Tuesday, October 03, 2006

Are the Miner Strikes in Temirtau merely a Grassroots Phenomenon?

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From www.zona.kz.net website. The sign held up in the second picture says "Mittal, share the profits!"

As I noted on September 20, a recent large accident at Lakshmi Mittal’s mines in the Kazakhstan city of Termirtau could lead to increased problems for the British-Indian billionaire and long-time investor in Kazakhstan. While President Nazarbayev has been visiting the U.S., the situation in Temirtau has become increasingly troublesome for Mittal. For a week now, miners in Temirtau have been striking at the Mittal Steel Works complex. They want increased wages and safety improvements, and they are demanding that “Mittal Steel Temirtau” respond to their list of requests by October 7 or face further strikes and protests. According to Kazakhstan’s Channel 31 news program, these are the largest worker strikes in Kazakhstan in sixteen years, and some 35,000 miners and plant workers have signed on to a set of demands being sent to Mittal personally. The demands are understandable, and the fact that workers are organized enough to levy serious demands appears to be a positive sign for freedom of assembly in Kazakhstan. One cannot help but wonder, however, if this is an entirely “grassroots” effort. As I noted earlier, Dariga Nazarbayeva wrote an important opinion piece in the newspaper Karavan in March of this year where she called for the renewed development of labor unions in Kazakhstan and singled out Mittal’s steel works in Temirtau and Kazakhmys as two of the large industrial enterprises that desperately need to be held accountable by independent trade unions. With Nazarbayeva’s “Asar” party now consumed into the “Otan” party, could the disaster in Temirtau that killed 41 miners provide Nazarbayeva with a new entrée into politics via trade unions? If so, Mittal may just be an easy target for now, but she may be more interested in Kazakhmys and the mines and factories of Alexander Mashkevich’s Eurasia Natural Resources Corporation. To date, Nazarbayeva has not associated herself with the strikes in Temirtau, but one cannot help but wonder if her “call to arms” for the trade union movement in Kazakhstan in March is somehow related to the sudden appearance of the biggest strikes in Kazakhstan’s history as an independent state. This is certainly a situation that warrants attention over the next two weeks.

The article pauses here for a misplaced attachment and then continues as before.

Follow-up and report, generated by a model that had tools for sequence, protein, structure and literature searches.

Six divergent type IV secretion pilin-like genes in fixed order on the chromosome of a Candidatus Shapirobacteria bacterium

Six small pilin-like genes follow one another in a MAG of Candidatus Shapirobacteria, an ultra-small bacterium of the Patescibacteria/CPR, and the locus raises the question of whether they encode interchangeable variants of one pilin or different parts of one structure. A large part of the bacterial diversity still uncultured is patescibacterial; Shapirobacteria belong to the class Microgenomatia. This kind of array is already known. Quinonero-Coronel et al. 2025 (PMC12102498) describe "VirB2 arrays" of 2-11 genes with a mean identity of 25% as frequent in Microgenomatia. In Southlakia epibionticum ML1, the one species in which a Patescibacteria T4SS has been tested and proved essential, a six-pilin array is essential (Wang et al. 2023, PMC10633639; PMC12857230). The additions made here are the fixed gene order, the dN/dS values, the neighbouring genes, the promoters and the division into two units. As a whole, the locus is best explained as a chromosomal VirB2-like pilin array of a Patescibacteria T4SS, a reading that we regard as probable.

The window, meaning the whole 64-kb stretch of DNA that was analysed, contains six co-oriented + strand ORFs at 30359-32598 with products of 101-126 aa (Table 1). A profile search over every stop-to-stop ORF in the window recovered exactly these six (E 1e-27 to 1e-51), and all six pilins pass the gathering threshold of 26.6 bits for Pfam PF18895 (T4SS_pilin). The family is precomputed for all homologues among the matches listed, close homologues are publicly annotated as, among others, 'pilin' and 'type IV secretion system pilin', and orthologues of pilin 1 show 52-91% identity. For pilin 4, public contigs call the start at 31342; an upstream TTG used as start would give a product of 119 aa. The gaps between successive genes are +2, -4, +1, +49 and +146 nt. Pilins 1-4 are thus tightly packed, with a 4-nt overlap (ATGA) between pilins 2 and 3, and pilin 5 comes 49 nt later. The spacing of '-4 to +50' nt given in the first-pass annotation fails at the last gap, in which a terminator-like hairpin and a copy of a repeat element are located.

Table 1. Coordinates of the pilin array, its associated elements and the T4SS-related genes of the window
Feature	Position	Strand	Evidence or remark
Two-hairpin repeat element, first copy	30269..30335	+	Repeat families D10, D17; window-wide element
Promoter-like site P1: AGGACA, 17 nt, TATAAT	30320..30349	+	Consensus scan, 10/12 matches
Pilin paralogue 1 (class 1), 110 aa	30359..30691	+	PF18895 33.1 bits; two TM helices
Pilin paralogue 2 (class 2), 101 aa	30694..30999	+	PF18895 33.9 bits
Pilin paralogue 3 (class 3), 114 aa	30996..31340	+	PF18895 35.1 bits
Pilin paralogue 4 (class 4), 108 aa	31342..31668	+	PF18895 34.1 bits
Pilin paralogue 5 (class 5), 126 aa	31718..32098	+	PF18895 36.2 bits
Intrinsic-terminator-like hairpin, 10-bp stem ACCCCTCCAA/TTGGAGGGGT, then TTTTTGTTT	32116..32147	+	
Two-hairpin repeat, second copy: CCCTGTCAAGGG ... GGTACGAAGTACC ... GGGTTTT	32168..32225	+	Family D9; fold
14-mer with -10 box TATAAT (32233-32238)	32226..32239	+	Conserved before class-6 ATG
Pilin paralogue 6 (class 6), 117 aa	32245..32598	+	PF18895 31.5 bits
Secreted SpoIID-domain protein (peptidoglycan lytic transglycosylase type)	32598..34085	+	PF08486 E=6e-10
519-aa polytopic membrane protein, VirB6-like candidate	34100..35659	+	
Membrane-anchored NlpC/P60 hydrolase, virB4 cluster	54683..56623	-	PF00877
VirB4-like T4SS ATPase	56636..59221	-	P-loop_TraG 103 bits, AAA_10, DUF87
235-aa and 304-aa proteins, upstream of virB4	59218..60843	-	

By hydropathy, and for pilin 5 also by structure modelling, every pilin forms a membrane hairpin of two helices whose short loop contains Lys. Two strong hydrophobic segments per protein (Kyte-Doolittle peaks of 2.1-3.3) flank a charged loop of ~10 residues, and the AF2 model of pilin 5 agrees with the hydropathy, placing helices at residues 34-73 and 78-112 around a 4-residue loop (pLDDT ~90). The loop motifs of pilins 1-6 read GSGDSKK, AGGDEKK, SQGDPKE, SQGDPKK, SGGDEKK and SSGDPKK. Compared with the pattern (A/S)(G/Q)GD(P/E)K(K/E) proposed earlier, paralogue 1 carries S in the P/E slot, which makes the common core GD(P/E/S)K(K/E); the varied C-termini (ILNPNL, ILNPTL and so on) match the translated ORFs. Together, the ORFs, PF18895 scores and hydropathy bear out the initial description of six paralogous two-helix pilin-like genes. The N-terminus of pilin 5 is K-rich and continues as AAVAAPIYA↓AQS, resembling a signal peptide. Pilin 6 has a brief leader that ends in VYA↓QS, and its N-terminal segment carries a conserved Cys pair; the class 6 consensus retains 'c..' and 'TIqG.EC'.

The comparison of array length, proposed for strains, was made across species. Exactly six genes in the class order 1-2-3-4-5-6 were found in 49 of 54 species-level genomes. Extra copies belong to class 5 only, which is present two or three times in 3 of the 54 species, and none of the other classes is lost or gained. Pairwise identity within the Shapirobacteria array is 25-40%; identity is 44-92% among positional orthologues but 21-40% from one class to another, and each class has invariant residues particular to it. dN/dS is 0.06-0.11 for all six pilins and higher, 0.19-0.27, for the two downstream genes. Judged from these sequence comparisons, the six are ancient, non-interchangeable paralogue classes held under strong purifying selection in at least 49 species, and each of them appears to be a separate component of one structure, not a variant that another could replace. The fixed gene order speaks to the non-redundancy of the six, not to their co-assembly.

4 Comments:

Anonymous Ben said...

Interesting post. There were conflicting media reports about how much additional pay the striking miners demand. Some articles went as high as $2,000 per month, although this IHT article tells us workers want $1,000 per month each. That would constitute appr. 300% of their actual pay - probably not a very feasible wage-rise demand.

Secondly, I posted on neweurasia about a week ago about the muted criticism coming from Kazakh officials this time (http://kazakhstan.neweurasia.net/?p=172). There was a similar accident in 2004 which saw many more politicians lending their support to the workers, which could have something to do with the renewal of Mittal's contract which was due in 2005.

Is there any information online about trade union organisation in Kazakhstan?

8:22 AM  
Blogger Sean R. Roberts, PhD said...

Trade unions in Kazakhstan have long been very controlled. In general, there are few if any "independent" trade unions, and most are basically of the old Soviet variety (i.e. as close, if not closer, to the management than to the workers). A huge plant and mining complex like the one in Temirtau, of course, can lend itself to the development of more grassroots and less formal organization of workers.

11:23 AM  
Blogger Sean R. Roberts, PhD said...

It appears that today, Dariga Nazarbayeva has already begun to show some public interest in this issue. She has made an official parliamentary inquiry into the situation in Temirtau, where she reiterated the statements she made in March of this year in Karavan concerning the importance of establishing strong trade unions, particularly in relation to Mitall Steel Temirtau and Kazakhmys.

1:22 AM  
Anonymous Anonymous said...

As far as I know, all unions in Kazakstan are company unions. In reality they are a wild card in the relationship of the company management to the local government. They are usually powerless and supine, but if the local government decides to make life difficult for the company, the trade union provides a good tool.

7:50 AM  

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